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A little less please: MySQL „partial revokes“

Granting permissions on databases can be a tedious job. Especially assigning restrictive permissions à la "you may read all tables except for the information in database XYZ" was laborious. For such a task, the SELECT rights had to be defined for all databases that the user should be able to read. The unwanted database was simply given no rights. Of course, such GRANT statements can be created dynamically with SQL to keep the effort within limits. With the version 8.0.16 there is a small relief here.

From now on, permissions can be partially "recalled" (revoked) on schema level. For this purpose, the corresponding parameter "partial_revokes" must be activated.

mysql> set persist partial_revokes=on;
Query OK, 0 rows affected (0.00 sec)
 

Several schemas (databases) are available on our test database system. Among others the well-known demo database "sakila".

mysql> show databases;
+--------------------+
| Database           |
+--------------------+
| information_schema |
| mysql              |
| performance_schema |
| sakila             |
| sys                |
+--------------------+
5 rows in set (0.01 sec)
 

We now create an account (user 'app_ro') that should have read permissions on all databases (including future ones).

mysql> create user 'app_ro'@'%' identified by 'ordix';
Query OK, 0 rows affected (0.01 sec)
mysql> grant select on *.* to 'app_ro'@'%';
Query OK, 0 rows affected (0.01 sec)
 

This user now has read access to all (also future) databases:

root@myshell2:/# mysql -uapp_ro -pordix --execute="show databases"
+--------------------+
| Database           |
+--------------------+
| information_schema |
| mysql              |
| performance_schema |
| sakila             |
| sys                |
+--------------------+
 

However, we are now revoking this user's access to the "sakila" database.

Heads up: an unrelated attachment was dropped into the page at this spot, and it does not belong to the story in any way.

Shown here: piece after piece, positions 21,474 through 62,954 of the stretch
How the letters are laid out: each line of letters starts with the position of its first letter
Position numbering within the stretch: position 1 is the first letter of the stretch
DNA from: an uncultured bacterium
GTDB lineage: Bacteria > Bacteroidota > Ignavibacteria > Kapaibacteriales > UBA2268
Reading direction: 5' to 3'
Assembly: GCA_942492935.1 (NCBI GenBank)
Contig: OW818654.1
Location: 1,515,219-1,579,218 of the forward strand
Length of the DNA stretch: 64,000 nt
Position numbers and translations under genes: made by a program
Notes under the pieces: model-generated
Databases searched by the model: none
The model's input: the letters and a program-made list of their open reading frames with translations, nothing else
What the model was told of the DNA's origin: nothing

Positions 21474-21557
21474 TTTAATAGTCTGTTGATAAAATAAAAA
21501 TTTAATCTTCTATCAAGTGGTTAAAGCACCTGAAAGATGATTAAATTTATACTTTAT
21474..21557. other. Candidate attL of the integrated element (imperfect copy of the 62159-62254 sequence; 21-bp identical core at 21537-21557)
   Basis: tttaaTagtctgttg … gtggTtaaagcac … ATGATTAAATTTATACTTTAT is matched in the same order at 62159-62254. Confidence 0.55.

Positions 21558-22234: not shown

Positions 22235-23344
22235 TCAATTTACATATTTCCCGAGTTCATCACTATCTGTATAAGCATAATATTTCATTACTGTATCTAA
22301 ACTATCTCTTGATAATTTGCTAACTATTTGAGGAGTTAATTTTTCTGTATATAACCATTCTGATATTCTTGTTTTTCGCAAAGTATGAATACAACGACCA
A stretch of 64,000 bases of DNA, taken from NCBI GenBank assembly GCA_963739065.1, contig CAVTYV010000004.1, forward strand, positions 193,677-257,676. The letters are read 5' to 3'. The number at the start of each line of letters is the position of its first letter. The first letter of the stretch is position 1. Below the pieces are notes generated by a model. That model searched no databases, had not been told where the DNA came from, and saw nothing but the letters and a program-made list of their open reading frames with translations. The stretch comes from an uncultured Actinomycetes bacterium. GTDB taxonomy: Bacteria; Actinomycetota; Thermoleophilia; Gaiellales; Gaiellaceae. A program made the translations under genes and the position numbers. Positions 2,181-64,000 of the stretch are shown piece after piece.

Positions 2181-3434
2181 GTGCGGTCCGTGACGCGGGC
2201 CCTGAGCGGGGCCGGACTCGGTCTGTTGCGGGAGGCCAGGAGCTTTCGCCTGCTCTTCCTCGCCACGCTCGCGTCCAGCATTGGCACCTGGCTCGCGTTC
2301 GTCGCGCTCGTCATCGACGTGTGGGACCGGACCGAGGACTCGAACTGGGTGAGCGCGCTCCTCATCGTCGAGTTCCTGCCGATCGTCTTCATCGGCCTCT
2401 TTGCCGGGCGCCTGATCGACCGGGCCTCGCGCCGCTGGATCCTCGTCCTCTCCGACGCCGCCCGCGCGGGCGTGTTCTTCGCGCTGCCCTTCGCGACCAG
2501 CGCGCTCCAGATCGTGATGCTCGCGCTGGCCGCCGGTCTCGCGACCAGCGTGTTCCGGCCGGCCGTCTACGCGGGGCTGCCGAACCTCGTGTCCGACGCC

mysql> revoke select on sakila.* from 'app_ro'@'%';
Query OK, 0 rows affected (0.01 sec)

root@myshell2:/# mysql -uapp_ro -pordix --execute="show databases"
+--------------------+
| Database           |
+--------------------+
| information_schema |
| mysql              |
| performance_schema |
| sys                |
+--------------------+
 

The database disappears from the "field of view" of this database user 'app_ro'.

Everything under control?

How are these permission structures managed? It should be generally known that the rights are stored in several system tables within the Mysql database. Up to now, only the assigned "GRANTs", i.e., the positively formulated privileges, are located there.

With the version 8.0.16 now also restrictions are administered in the "user" table within the Mysql database. The column "user_attributes" (data type JSON) is used for this purpose.

mysql> select user, host, user_attributes from user where user =  'app_ro';
+--------+------+----------------------------------------------------------------------+
| user   | host | user_attributes                                                      |
+--------+------+----------------------------------------------------------------------+
| app_ro | %    | {"Restrictions": [{"Database": "sakila", "Privileges": ["SELECT"]}]} |
+--------+------+----------------------------------------------------------------------+
1 row in set (0.00 sec)
 

Of course, with SELECT, you can format the output of JSON data in a slightly more readable way.

Conclusion: Do we need more restrictions?

The clear answer is "yes". The new functionality is helpful. Unfortunately, restrictions can currently only be set at schema level. More interesting for the developer and / or the DBA (Database Administrators) would be restrictions on object level (e.g., tables). But what is not, can still become.

Do you have questions about the (secure) operation of MySQL? Please contact us.

Principal Consultant bei ORDIX.

 

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